Starting a business in Spain
In order to start a business, you must first have the right to live and work in Spain.
If you’re a EU citizen, the principle of free movement automatically gives you this right. However, you’ll still need to obtain your Numero de Identificación de Extranjero (NIE). http://www.interior.gob.es/web/servicios-al-ciudadano/extranjeria/ciudadanos-de-la-union-europea/numero-de-identidad-de-extranjero-nie-
A NIE is your unique Spanish tax identification number. You’ll need it to pay your taxes and for anything else that requires an official process, including renting or buying property, getting connected to utilities and opening a bank account.
You can apply for your NIE in person once you’re in Spain or, even better, get it ahead of time via the Spanish embassy or consulate in your home country. http://www.exteriores.gob.es/Consulados/WASHINGTON/en/Consulado/Pages/Visas.aspx
Spanish work permit application
If you need a work permit and plan to start your own business, there are certain rules you must follow.
You have to apply for your permit at the Spanish embassy or consulate in your home country. Besides the application, you’ll also need to provide the following documents:
1. a business plan (if appropriate)
2. evidence that you have enough money to invest in your business and support yourself
3. proof of your skills or experience
4. copies of any business contracts or commissions
5. any applicable licence or registration
6. information about the potential to create employment in Spain
You’ll have to renew your work permit and prove you still fulfill all these conditions every year. However, after five years you can apply for long-term Spanish resident status.
Regulated professions and businesses
Certain professions and types of business - lawyers, architects, healthcare professionals and financial services, to name a few - are heavily regulated. You’ll need to make sure you comply with the applicable rules before you can start trading.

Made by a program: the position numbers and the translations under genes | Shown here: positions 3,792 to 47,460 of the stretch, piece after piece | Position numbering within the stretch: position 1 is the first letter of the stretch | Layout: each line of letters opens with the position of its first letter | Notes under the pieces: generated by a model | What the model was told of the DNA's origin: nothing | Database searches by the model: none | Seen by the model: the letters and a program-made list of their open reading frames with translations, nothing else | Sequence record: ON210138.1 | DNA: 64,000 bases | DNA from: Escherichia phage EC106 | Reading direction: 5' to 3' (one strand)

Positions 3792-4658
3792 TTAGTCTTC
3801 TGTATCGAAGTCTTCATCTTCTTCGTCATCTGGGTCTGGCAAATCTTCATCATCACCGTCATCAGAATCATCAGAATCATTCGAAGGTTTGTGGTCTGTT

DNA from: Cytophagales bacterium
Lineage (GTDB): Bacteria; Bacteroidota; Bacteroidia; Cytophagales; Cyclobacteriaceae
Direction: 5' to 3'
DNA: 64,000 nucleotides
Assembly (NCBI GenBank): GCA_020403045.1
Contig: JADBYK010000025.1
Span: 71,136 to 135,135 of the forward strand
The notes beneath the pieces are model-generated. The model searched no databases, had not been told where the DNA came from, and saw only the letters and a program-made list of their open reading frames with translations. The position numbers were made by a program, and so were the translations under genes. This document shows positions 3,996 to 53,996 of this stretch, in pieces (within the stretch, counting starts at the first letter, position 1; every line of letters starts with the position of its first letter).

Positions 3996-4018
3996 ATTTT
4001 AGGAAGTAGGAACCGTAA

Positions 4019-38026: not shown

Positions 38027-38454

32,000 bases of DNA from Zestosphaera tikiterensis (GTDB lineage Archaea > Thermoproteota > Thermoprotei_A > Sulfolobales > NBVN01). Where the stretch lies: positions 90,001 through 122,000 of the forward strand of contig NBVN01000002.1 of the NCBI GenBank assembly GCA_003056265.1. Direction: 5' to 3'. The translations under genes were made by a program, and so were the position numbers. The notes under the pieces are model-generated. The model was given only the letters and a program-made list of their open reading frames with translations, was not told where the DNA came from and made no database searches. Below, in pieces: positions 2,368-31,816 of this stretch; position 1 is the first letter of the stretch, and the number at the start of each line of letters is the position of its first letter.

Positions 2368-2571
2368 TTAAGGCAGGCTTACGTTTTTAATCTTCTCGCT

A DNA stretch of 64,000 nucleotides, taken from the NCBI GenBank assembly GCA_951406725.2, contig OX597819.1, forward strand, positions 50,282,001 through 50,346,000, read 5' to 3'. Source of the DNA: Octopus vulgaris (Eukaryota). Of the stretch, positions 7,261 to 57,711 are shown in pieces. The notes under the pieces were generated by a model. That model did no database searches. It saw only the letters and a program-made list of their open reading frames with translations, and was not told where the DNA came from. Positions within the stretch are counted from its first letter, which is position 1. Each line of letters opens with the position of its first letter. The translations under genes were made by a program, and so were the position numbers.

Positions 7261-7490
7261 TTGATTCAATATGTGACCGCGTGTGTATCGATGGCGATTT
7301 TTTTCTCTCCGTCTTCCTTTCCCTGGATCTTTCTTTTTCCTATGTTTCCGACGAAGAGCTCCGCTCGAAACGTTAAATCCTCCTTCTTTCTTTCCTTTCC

Very often, the process will involve getting your qualifications officially accredited or recognised (called homologación ). Depending on your profession or the type of business you want to carry out, you may also need to apply for a licence.
Rules may vary from region to region, so it’s a good idea to check out both national rules and the rules of the region you intend to base your business in ahead of time.
How can I do business in Spain?
Once your personal legal status is in order, it’s time to decide your business’s legal form. In Spain, you have three main options:
1. Sole Trader
3. Limited Company
Let’s have a look at what each involves.
1. Sole trader
Operating as a sole trader is probably the easiest, cheapest and most flexible way to start doing business, especially if you run your business on your own. It’s also the most straightforward business to set up.
In order to start operating as a sole trader in Spain, you’ll need to do three things:
1. register with the Spanish tax office (the Agencia Tributaria );
2. register for social security ( seguridad social )
3. get a licence (if your profession is regulated)
2. Partnership (Sociedad Civil)
If you plan to go into business with one or more people, but you still want your structure to be flexible, you can run your business as a partnership.
Like sole traders, partnerships don’t require a minimum investment to be set up. However, the process is a bit more time-consuming and expensive.
There are two types of partnership in Spain: general partnership ( sociedad general ) and limited partnership ( sociedad comanditaria ).
Each have their own special requirements and come with different rights and responsibilities. Either way, you’ll need to do the following to set one up:
1. create a partnership agreement and sign it before a notary (a lawyer can draft this for you)
2. include the words Sociedad Civil in your business name (if you have a partnership agreement in place)
3. register with the tax authorities
4. register for social security
5. apply for any licences (including an opening licence for your business premises)
A partnership agreement isn’t strictly required. However, it’s good to have, as it regulates the relationship between you and your business partners and outlines your responsibilities. This is especially helpful if things go wrong, or you have a disagreement.
3. Limited company
Out of the three legal forms available, a limited company is the most complex, formal and expensive to set up and run. It also has a number of distinct advantages over the other forms, including limited liability and more favourable taxation (if you earn more than a certain amount). Some types of businesses must be run as a limited company by law.